Should You Be Eating Icelandic Skyr Instead Of Greek Yogurt?

January 26, 2017
icelandic skyr
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Greek yogurt is great. It's creamy and rich, a great source of calcium, and packs about as much protein as a chicken breast. So why would you ever stop eating the stuff? Perhaps, because you found something even better—and that something is called skyr.

People in Iceland have been eating the cultured dairy product for thousands of years. But now, skyr seems poised to take over the dairy case right here at home. Technically, it's a strained cheese made from skim milk. But you can usually find it right next to the yogurt. And unlike a hunk of Parmesan or Brie, you don't have to feel bad about eating skyr for breakfast. (Repeat after us: No more dieting. Ever. Instead, learn how to eat clean—with zero deprivation!—and watch the pounds drop off, with Your Metabolism Makeover.)


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Because even though it's not technically yogurt, the nutritional profile is almost identical. Plain skyr serves up 100 calories, 17 g of protein, 0 g of fat, and 3 g of sugar per 5 oz serving, compared to nonfat Greek yogurt's 80 calories, 15 g of protein, 0 g of fat, and 4 g of sugar. And both deliver 15% of your daily calcium.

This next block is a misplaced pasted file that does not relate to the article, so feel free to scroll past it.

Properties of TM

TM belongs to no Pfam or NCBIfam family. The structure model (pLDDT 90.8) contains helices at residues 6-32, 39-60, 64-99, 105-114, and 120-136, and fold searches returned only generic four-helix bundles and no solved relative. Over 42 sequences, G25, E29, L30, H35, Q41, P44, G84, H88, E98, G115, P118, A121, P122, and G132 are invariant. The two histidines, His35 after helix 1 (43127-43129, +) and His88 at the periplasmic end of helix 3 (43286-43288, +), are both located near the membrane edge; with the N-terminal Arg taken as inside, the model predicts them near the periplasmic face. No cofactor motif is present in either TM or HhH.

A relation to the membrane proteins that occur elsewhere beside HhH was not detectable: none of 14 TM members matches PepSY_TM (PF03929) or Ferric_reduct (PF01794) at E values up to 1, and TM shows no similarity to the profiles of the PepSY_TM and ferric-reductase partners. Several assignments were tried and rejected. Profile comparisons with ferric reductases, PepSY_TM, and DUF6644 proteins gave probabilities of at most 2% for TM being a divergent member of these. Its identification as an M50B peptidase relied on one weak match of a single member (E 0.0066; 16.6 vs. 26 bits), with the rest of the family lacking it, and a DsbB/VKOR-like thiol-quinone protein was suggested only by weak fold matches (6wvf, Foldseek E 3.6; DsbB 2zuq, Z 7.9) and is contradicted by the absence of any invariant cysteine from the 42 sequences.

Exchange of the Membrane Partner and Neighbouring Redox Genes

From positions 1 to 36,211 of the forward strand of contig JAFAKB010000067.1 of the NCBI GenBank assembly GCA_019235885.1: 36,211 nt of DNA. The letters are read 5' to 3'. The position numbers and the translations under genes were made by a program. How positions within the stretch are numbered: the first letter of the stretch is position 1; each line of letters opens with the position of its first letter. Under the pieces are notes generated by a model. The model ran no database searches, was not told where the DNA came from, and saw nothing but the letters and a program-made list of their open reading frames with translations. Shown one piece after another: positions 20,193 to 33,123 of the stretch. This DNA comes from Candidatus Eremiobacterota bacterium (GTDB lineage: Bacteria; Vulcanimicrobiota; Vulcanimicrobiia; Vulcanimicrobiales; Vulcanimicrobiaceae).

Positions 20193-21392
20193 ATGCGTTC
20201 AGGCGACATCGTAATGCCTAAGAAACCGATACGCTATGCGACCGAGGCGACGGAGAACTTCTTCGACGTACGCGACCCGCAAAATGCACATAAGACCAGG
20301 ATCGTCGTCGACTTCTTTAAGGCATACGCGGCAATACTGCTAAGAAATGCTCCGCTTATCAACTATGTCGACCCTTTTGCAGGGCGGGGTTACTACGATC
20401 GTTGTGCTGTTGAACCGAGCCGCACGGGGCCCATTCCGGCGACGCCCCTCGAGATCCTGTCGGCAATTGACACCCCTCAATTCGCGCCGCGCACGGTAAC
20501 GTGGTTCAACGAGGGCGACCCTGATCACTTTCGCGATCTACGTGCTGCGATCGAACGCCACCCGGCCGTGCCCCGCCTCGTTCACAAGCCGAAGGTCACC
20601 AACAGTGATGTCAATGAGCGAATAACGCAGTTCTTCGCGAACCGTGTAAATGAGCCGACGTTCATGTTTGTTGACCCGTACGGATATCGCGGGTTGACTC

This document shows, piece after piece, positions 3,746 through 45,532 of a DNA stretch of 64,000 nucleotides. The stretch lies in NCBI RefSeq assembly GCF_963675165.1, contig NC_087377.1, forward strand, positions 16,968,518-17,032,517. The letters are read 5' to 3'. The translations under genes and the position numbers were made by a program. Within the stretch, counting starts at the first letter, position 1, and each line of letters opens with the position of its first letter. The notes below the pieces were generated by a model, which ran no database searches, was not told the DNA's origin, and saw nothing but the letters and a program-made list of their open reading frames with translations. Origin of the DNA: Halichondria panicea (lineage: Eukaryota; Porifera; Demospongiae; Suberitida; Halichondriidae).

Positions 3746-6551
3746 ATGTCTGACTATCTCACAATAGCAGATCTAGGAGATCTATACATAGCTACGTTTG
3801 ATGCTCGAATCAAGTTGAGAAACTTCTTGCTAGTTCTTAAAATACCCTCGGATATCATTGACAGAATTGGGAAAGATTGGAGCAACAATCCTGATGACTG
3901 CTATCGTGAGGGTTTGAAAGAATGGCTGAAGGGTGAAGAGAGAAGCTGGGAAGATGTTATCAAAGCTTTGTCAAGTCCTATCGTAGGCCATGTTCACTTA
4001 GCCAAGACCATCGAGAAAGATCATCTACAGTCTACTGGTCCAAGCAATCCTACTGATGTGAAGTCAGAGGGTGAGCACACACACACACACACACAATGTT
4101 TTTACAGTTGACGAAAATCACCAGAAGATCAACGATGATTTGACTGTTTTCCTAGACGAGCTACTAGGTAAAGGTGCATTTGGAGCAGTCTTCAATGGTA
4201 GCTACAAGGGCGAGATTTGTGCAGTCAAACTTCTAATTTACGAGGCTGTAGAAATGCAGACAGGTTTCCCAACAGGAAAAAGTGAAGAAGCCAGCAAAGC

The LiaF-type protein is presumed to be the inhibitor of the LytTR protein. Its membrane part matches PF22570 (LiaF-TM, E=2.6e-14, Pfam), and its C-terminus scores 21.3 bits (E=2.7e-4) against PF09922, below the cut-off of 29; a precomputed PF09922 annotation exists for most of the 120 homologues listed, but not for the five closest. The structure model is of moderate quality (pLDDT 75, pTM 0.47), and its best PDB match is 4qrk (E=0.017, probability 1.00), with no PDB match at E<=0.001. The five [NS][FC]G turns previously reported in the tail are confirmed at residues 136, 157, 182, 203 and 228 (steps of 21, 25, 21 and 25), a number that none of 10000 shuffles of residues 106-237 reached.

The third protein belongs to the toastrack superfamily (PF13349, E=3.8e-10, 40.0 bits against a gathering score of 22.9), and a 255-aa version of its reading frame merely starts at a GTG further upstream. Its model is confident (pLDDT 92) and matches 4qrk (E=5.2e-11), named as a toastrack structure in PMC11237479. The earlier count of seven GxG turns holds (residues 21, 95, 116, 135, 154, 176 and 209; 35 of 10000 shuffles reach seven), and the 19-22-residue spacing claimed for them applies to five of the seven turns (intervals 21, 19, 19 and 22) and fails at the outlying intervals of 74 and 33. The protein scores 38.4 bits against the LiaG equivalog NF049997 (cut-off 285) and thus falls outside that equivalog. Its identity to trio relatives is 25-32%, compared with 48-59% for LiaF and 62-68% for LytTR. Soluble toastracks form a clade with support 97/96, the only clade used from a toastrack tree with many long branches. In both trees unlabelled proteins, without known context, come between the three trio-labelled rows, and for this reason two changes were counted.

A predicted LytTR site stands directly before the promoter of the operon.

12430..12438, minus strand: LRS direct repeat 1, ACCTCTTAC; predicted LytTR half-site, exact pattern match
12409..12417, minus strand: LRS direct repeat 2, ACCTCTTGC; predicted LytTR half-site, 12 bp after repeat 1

If you're looking for a nonfat, high-protein source of fermented dairy, you'd do well choosing skyr or Greek yogurt. "Nutritionally, they offer the same benefits. It really comes down to taste and texture, and which you prefer more," says registered dietician Sarah Pflugradt. Compared to Greek yogurt, skyr is slightly thicker and less tangy, kind of like crème fraîche. So if you always secretly wished your Greek yogurt was just a little bit less mouth-puckering, skyr might be the stuff for you. 


The one exception? If you're after more fat or calories, opt for low-fat or full-fat Greek yogurt. (Unlikely? Maybe. But still good to know.) Since skyr is made from skim milk, it's always nonfat.

One last thing to keep in mind: Like Greek yogurt, there are lots of flavored skyrs out there. Though tasty, they tend to be higher in added sugars, so steer clear. If you want to gussy up your skyr, try fresh fruit, honey, or maple syrup, so you can control how much sweetness goes in.